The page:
Dublin hurlers sense their moment for redemption
Defender Shane Barrett says he is confident Dublin can up their game to beat Galway
Dublin’s Shane Barrett: “Hopefully on Sunday now, we right the wrongs and come out with a win. And I’m very confident we can.” Photograph: Cathal Noonan/Inpho
Shane Barrett is being hit left and right and not for one second does he flinch. Dublin are missing some of their best hurlers. Confidence must be shattered after the league. They’re so young and lack leaders. And Galway are absolutely flying.
Maybe it’s because Barrett, one of Dublin’s steadiest defenders for three years now, is used to this sort of barrage. So he takes each question on the chin and stands up for Dublin’s chances in Sunday’s Leinster hurling quarter-final in Tullamore.
“They had a great league, no doubting that,” Barrett says of Galway. “And they’re going to come in with momentum and confidence. We have to be wary of that as well.
“But preparations are going very well for us. Yeah look, we haven’t performed to the way we expected. In training, we’ve trained very well and then on match days, sometimes the consistency isn’t there. As has been the case the last couple of years.
“Hopefully on Sunday now, we right the wrongs and come out with a win. And I’m very confident we can, yeah. Very confident. Preparation has gone well, training matches, friendlies, they’ve all gone well for us. You only take the confident things from these matches, and push on.”
Barrett is speaking in Dublin at the launch of the Bord Gáis Energy All-Ireland under-21 championship, and part of his confidence comes from the fact he’s already established far beyond that grade: he was brought into the senior panel three years ago when manager Ger Cunningham first took charge. He’s also co-captain of the under-21s this season and, win, lose or draw on Sunday, they are out next Wednesday against Kilkenny.
Still, the questioning of this Dublin team is justified. They lost the Division 1A relegation playoff to Clare, conceding 3-18 on the day, and, given the 3-21 that Galway put up in their league final over Tipperary, the Dublin defence must be nervous.
“We performed well in some games, but we didn’t get the result. We took a week to get over that [Clare defeat]. We said what had to be said, and pushed on from there.
“Literally, once the ball was thrown in for the second half, Clare turned us over and were straight through. That sort of set the tone for them. We couldn’t stop it. They kept coming and coming. And we weren’t able to hold out until eventually, they got on top. You cleared it out and it came straight back down. I feel our backs did well that day, for the amount of ball that came through.”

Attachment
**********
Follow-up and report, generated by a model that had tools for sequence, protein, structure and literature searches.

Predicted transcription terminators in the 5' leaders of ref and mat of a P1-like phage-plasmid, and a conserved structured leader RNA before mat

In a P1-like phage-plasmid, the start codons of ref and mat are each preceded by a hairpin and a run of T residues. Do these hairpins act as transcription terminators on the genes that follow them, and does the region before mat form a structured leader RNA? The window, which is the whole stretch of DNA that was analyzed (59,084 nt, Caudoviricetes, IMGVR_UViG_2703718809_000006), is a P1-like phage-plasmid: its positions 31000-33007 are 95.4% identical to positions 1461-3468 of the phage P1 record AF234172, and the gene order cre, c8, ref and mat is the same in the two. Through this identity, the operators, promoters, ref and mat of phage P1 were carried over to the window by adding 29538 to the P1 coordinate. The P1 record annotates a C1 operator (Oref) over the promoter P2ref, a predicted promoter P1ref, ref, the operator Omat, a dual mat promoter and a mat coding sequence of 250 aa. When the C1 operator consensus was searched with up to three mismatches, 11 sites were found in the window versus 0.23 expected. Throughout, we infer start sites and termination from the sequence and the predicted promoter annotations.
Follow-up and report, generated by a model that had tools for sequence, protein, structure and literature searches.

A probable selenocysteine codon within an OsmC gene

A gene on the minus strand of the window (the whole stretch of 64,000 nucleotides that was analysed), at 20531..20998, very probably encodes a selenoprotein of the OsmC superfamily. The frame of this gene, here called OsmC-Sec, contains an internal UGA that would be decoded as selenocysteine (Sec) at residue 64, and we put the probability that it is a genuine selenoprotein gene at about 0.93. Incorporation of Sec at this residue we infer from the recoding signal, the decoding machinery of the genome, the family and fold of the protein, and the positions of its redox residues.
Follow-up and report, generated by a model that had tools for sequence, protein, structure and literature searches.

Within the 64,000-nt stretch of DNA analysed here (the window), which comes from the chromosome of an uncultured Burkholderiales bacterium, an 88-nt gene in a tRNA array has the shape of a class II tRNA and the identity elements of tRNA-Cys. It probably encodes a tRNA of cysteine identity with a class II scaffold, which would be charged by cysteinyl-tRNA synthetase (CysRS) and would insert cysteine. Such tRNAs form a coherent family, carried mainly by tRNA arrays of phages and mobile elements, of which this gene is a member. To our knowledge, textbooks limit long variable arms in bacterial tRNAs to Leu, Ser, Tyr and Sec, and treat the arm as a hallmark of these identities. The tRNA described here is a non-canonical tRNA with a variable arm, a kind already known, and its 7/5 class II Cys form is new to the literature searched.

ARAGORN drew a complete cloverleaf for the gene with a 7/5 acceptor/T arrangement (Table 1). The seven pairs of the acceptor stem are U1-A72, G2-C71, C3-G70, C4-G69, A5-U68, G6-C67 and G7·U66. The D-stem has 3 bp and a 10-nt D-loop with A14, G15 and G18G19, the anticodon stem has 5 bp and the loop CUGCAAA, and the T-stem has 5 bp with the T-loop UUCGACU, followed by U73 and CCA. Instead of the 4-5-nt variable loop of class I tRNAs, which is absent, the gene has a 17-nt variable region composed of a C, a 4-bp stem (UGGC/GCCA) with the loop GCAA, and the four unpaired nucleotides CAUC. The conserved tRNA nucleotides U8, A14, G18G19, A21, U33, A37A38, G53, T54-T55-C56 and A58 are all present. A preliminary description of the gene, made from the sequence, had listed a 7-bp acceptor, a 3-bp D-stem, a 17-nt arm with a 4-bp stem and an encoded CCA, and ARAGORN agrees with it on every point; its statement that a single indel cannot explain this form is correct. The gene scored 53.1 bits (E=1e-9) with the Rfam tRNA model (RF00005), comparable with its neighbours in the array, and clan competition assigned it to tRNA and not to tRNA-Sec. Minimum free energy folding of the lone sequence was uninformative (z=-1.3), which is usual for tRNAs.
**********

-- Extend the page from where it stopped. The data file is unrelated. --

A little thin
In the meantime came word neither Paul nor Mark Schutte, who both played key roles in Cuala winning a first hurling All-Ireland for a Dublin club, would be rejoining the Dublin panel. With players like 2013 All Star Danny Sutcliff still in self-imposed exile, isn’t experience now a little thin?
“It is big loss, to lose the calibre of Paul and Mark Schutte. They said even when they were with Cuala they couldn’t fully commit, which is fair enough. It’s a massive commitment for any player on a team like his.
“In Mark’s case, he committed to college at the start. And as you’re probably aware, he got a call then into the footballers. He’s got a good few calls over the last few years to join the footballers. And maybe his taste is changing and he wants to give football a go. That’s where he is now.
“But the likes of Donal Burke and all these younger lads now are playing just as well as anyone. And the likes of Eoghan O’Donnell, Chris Crummey, obviously Liam Rushe as well – he’s always going to be a big voice there. And then you have the young lads coming in. They have a voice as well and they’re starting to spread it around. So it’s not an issue, that we’re lacking leaders.”
So, to soften the blows a little: Dublin have good record against Galway in the Leinster championships, beating them in the 2011 semi-final, and 2013 final, although Galway easily handled them in last year’s quarter-final replay; and haven’t Cork just proved that favouritism in hurling doesn’t always follow form?
“Yeah, exactly. That was phenomenal game. That’s what we’re going to try and do to Galway. We’re not going to sit back. We’re going to go straight at them, like they did.
“Seeing a team beat the All-Ireland champions is massive. And the way Cork did it, they put on a show. We need to bring the intensity, bring the physicality and push on from there. And it is in the backs of everyone’s head that there is that sense of redemption.”